There are a few factors that determine a cat’s shedding habits.
So if your cat spends a lot of time in the sunshine, they may be more prone to spring shedding as the days get longer.
Brush, Brush, Brush
Brushing regularly is the best way to take care of excess hair at the source before it starts blowing around your home or coming out of your cat in the form of hairballs.
A good indicator of how often you should brush your cat is the length and thickness of their coat. Your cat’s breed will often determine what kind of coat they have and how much they’ll shed.
If your kitty isn’t used to brushing or gets fussy, it’s important that you work to make it less of a stressful experience.
Start with brief sessions at first, and give plenty of praise and food rewards. Once your cat starts to get more comfortable, increase the duration of brushing sessions.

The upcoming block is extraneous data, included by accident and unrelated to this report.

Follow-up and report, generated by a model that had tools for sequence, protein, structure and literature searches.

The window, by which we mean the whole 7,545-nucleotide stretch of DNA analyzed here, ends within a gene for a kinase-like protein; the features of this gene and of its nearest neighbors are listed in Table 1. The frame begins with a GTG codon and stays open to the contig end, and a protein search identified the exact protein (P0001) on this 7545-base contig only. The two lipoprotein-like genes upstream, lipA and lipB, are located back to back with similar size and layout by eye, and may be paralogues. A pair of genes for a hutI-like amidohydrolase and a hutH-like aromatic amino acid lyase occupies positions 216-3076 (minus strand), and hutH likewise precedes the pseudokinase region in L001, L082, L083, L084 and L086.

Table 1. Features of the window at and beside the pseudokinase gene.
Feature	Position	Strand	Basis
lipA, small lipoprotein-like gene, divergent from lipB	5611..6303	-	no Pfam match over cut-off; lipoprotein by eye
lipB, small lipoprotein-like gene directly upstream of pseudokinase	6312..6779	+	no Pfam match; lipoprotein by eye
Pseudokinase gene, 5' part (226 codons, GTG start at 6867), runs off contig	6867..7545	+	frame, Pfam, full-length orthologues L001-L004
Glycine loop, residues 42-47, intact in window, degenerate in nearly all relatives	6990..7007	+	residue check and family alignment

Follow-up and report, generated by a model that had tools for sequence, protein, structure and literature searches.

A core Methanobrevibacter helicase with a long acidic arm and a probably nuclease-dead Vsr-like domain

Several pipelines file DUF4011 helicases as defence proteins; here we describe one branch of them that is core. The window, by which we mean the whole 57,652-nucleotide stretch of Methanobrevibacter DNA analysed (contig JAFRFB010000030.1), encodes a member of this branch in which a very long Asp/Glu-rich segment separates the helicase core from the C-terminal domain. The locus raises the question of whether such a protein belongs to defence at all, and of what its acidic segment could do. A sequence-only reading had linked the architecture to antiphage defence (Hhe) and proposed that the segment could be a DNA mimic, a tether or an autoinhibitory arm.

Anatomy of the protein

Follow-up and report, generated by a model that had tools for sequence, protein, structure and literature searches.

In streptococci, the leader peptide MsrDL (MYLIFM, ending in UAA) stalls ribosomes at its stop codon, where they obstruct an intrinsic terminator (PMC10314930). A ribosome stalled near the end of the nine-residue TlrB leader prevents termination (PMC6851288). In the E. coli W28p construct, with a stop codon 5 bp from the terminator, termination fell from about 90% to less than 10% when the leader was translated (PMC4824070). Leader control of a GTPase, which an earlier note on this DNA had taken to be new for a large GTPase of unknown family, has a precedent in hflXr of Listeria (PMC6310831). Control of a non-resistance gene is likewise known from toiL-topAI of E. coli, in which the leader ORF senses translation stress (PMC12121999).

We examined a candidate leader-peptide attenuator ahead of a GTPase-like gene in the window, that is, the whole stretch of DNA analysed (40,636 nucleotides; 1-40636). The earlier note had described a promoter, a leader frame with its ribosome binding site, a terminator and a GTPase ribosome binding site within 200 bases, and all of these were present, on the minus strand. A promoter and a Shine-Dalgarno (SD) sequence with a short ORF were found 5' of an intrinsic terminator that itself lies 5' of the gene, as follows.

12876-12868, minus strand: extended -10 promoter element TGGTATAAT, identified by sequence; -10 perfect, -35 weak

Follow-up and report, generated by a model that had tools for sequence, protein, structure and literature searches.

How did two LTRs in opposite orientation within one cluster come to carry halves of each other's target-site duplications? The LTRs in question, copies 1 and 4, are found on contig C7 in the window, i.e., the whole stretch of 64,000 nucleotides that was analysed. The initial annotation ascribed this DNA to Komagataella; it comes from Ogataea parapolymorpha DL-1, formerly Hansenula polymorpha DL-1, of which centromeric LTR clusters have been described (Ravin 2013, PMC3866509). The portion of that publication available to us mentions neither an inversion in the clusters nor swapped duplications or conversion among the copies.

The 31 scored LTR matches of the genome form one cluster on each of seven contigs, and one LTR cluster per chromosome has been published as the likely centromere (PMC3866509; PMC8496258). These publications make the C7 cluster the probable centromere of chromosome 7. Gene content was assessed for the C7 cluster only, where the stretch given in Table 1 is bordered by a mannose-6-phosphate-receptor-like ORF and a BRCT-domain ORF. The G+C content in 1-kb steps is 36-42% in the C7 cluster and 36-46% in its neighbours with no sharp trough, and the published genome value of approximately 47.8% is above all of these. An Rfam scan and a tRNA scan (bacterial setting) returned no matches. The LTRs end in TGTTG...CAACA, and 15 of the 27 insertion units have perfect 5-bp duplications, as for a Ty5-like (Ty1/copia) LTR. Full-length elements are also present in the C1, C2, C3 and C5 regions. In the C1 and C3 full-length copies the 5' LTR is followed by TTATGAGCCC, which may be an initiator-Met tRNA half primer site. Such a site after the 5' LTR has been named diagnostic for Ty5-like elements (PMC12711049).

Make it a positive bonding experience, and your cat will come to appreciate it more.
Always brush with the grain in the direction that your cat’s fur naturally grows.
Brushing out knots and mats can be difficult, and some may need to be cut out. If your cat has a lot of mats, you should see a groomer or consult your vet before you attempt to get rid of them yourself.
Long-haired cats can benefit from starting with a shedding rake or comb which can reach down near the skin and dislodge some hair from the undercoat while leaving the outer coat mostly unaffected.
Shedding rakes are long and stiff, which makes them ideal for getting deep under long fur. Cats with long, flowing fur can require brushing every two days at least.